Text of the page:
Part One of two concise outlines on DISORDERS OF THE EAR
- Published on 05 December 2022
The first of an essential two-part overview for audiology professionals of disorders of the ear.
Presented by Dr. Rakesh Chopra
Audiologists are all ears for the problems we have perceiving sound, but so much of their work relies on reading and seeing visual evidence. And inspections of the ear often reveal conditions to which, for the benefit of their patients, the hearing care professional must pay close attention.
These are the disorders of the ear that largely go beyond questions of hearing and into the domain of physical pathologies for referral to ENT specialists. However, many HCPs concur with the opinion that general practitioners deliver a less than satisfactory performance in auditory and audiological aspects of their work, so this places a considerable primary care responsibility on hearing care practitioners. They need to know the signs of different kinds of otitis. They should, for example, be able to spot the lurking cholesteatoma or a malignant process behind presentation of hearing loss.
To refresh - and perhaps, for some, to introduce - some of the more common disorders of the ear, a GP who knows his ENT stuff, Dr. Rakesh Chopra, has agreed to share with Audio Infos readers some notes and images from his regular teachings.
Dr. Chopra is a gifted lecturer, whose St. Helens-based ENT GPwER service is now in its 18th year. Prior to that, he had 14 years in hospital-based ENT. He has authored multiple international publications in the field, and does ENT triage for St. Helens, Warrington, and Knowsley. Outside of medicine, he has published three novels and is a musician.
“Sound is an amazing thing; we take it for granted,” Dr. Chopra told audiologists at the start of his October presentation to delegates at the annual conference of the British Society of Hearing Aid Audiologists (BSHAA). “As time is passing, we are knowing more and more about how important sound is for the human brain, much more than we thought” he continued, adding: “Music is called the physician of the future.”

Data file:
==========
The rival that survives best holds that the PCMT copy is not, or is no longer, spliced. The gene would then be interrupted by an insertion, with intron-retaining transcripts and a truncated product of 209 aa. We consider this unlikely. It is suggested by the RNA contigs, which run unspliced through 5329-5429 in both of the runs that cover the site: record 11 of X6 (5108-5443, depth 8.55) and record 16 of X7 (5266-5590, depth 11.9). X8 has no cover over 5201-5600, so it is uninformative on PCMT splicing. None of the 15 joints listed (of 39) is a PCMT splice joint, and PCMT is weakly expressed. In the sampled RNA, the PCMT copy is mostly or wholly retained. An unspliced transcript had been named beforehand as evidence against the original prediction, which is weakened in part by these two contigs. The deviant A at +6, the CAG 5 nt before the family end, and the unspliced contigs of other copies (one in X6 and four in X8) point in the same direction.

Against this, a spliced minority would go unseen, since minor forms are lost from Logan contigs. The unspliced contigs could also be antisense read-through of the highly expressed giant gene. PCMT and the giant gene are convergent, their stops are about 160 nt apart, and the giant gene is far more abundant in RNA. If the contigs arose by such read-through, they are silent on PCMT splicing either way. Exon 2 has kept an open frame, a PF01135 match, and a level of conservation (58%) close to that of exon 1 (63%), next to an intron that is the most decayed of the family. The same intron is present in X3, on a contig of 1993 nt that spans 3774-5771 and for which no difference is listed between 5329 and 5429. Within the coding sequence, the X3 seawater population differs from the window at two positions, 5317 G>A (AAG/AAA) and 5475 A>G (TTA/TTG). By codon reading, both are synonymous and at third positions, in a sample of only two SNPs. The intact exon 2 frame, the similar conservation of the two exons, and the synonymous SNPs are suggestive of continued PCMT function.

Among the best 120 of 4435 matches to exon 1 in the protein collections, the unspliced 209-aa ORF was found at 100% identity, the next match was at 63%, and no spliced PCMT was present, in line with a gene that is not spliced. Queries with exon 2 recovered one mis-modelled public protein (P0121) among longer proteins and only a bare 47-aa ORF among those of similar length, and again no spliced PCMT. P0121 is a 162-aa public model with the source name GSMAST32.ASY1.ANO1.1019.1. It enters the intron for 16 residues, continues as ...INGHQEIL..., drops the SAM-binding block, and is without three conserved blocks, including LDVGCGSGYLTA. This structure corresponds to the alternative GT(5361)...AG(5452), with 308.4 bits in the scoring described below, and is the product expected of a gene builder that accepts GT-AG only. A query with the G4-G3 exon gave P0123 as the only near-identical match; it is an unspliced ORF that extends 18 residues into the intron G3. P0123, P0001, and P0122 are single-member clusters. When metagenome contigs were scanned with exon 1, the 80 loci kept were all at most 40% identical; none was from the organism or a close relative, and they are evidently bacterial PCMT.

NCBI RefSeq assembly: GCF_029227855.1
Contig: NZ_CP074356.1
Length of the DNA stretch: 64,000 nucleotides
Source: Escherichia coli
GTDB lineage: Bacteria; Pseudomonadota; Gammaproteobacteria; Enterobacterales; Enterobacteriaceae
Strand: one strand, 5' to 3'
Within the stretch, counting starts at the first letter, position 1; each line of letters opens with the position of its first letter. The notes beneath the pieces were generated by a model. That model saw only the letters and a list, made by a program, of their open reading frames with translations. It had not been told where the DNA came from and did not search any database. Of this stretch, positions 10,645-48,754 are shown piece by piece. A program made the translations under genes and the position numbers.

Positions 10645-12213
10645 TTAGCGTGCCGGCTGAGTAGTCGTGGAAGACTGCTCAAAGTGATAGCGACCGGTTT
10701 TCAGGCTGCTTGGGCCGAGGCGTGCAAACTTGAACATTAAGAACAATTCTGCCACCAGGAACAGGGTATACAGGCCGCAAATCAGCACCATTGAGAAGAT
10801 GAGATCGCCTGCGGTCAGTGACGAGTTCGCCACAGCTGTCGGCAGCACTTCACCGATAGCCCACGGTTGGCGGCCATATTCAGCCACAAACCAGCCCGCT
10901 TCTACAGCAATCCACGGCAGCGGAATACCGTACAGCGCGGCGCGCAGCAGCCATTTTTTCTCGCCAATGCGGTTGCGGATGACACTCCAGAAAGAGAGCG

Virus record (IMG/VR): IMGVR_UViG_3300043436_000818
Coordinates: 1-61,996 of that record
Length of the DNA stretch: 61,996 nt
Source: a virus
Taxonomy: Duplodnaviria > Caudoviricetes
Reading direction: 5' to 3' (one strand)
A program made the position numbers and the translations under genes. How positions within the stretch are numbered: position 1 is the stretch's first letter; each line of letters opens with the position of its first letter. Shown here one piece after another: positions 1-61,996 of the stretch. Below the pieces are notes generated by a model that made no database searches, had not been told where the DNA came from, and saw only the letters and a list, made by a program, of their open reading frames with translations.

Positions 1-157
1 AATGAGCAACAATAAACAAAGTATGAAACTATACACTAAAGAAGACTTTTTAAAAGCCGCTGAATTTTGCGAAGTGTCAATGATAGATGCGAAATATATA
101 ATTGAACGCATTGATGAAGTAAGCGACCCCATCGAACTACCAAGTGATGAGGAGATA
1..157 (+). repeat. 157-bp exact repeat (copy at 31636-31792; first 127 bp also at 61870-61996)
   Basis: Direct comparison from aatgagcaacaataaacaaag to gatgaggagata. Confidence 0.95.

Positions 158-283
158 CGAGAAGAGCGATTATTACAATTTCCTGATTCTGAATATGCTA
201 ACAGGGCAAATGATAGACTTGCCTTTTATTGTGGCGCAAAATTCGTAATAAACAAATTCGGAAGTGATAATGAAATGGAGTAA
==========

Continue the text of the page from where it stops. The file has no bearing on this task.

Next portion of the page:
Read on and take note of the video-otoscopic images.
1. Middle Ear Effusion (Glue Ear)
Presents in so many different appearances! Unilateral Glue ear in adults - this is not to be missed! A very common condition affecting 80% of all children at some point in temperate cli- mates. Bi-modal peaks at 2 years and 5 years. Can cause a significant impact on children’s development/education/social interactions if conductive hearing loss is significant and persists for long enough. Unilateral Otitis Media with Effusion (OME) in an adult needs an urgent referral to ENT to rule out nasopharyngeal malignancy.
2. Acute otitis media (AOM)
Acommon condition, with inflammation of the middle ear. Vast majority are viral and self-limiting. But in those cases where symptoms persist for more than 72 hours without improvement, or with significant systemic symptoms and severely inflamed Tympanic membranes, antibiotic treatment is needed. AOM is often the precursor of OME in children. Easy to overtreat (often treated earlier in the disease than necessary - due to appearance of the tympanic membrane/ lack of knowledge by the treating physician, or because of parental pressure), and, in fact, it is often overtreated!
3. Otitis externa
This can be of classified into 3 types: a. Localised - is an infection of the hair follicle, a very painful condition of the lateral ear canal, and if full-blown is called furunculosis. b. Diffuse c. Necrotising Otitis Externa ( formerly called - Malignant Otitis Externa) - a very sinister condition of the external ear- may present in debilitated/ immunocompromised/elderly patients, and needs very urgent attention and referral.
4. Tympanosclerosis – a white looking thing on the eardrum!
Avery common finding on examination of the ear. Easily mistaken for something more sinister. Tympanosclerosis – also called myringosclerosis is the result of scarring. This may happen after a perforation/infection/grommet,... Basically, it is a calcified scar. Often causes no hearing loss, but may affect the ossicles, causing ossicular fixation and maximum conductive deficit (small patches and amounts may cause no hearing loss but extensive disease can affect the bones of the middle ear causing severe conductive deafness).
Source: Audio Infos UK issue 151 November-December